Courtesy of David Bowen
David Bowen is a former Democratic state representative. He's campaigning on his decade of experience at the state and county level.

Pratt added she would focus on student drivers. “We have to take a multi-layered approach, which would involve education around driving — beef[ing] up driver’s education and the accessibility of it for students,” she said.

David Bowen said the situation also demands a more fundamental solution. “We need to make sure there is a new, community-wide strategy of changing the mindset about how we care for each other,” he said. “How we need to hold the better interests of the well-being for all members of our community to a higher regard.”

Another top issue for Pratt is improving quality of life for residents, from functioning streetlights and potholes to vacant lots and illegal dumping. In the Rufus King and Thurston Woods neighborhoods, she said, antiquated streetlights often go out.

“It’s not like new circuits, where one house can be affected and the rest of the block [is fine] — no, here, the circuits are so old,” Pratt said. “If one is affected, our whole neighborhood is dark.”

A big priority for David Bowen is creating opportunities for jobs and housing. He’d seek partnerships with the tech sector to bring more remote work options to the district.

“It comes down to how we invest in high-growth areas of the economy,” he said. “So jobs can be abundant. But not just any jobs, jobs that can sustain families.”

He wants to return Milwaukee to what it once was: a city where Black people can thrive.

The mother of four daughters, Pratt said she’s running as a natural extension of a life steeped in public service. As a child, she watched her father, Marvin Pratt, serve as the District 1 alderman, and later, as acting mayor, the first Black person in that office. Her mother worked for the Milwaukee Public Library system, while her grandmother worked for the post office, Pratt added.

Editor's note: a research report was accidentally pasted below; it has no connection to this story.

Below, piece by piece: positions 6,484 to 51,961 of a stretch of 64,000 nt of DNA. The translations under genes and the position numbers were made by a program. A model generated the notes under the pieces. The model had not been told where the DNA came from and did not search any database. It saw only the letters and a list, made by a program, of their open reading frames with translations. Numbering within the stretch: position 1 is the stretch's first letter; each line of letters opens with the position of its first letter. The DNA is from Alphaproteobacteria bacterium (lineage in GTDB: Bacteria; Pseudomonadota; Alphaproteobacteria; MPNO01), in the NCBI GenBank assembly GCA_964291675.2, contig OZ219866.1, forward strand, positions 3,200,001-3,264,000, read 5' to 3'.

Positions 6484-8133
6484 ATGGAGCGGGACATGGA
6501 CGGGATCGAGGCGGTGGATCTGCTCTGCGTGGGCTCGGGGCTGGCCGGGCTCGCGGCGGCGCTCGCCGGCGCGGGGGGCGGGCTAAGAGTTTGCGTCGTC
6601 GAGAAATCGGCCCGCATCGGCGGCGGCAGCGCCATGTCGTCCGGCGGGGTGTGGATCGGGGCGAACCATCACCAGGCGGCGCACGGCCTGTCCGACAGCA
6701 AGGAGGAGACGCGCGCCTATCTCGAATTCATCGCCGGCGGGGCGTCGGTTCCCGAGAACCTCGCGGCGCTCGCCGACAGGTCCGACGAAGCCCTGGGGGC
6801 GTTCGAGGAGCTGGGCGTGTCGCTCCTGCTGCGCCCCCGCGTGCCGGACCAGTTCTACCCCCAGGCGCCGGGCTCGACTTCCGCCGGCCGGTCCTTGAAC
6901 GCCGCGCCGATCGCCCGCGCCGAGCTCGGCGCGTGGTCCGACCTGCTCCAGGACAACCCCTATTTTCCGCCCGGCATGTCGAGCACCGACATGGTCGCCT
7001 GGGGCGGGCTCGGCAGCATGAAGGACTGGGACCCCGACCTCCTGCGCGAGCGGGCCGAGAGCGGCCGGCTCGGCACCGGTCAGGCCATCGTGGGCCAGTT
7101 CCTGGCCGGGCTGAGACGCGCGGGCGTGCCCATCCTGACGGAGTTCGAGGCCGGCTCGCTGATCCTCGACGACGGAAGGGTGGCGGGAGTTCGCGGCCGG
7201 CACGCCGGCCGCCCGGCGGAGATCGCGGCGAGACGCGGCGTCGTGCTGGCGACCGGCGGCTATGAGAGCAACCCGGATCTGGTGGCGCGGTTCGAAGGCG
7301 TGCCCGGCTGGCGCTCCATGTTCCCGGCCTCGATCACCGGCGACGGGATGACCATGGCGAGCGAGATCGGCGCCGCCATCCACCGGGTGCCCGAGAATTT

“This was definitely a leap of faith for me to do this,” she said. “To come from the background to the foreground, and to bring this knowledge that I have that I know will be beneficial to the district.”

The son of Jamaican immigrants, Bowen said he felt called to use his experience in state and county politics to serve the city at this critical moment. “There’s no better time than now for us to be able to work together and put our city and District 1 onto a new path,” he said.

Pratt is endorsed by her former opponent Zandra Bailey, state representative Supreme Moore Omokunde, and the Milwaukee Teachers’ Education Association. Bowen has endorsements from current alderpersons Jonathan Brostoff and Marina Dimitrijevic, county supervisors Willie Johnson and Sequanna Taylor, and state senator Chris Larson.

Election Day is on April 4. Voters in Districts 5 and 9 will also elect new representatives.

Need help learning how to vote on April 4? Our voter guide has the information you need on the voting process and how to participate.


Lina is a WUWM news reporter.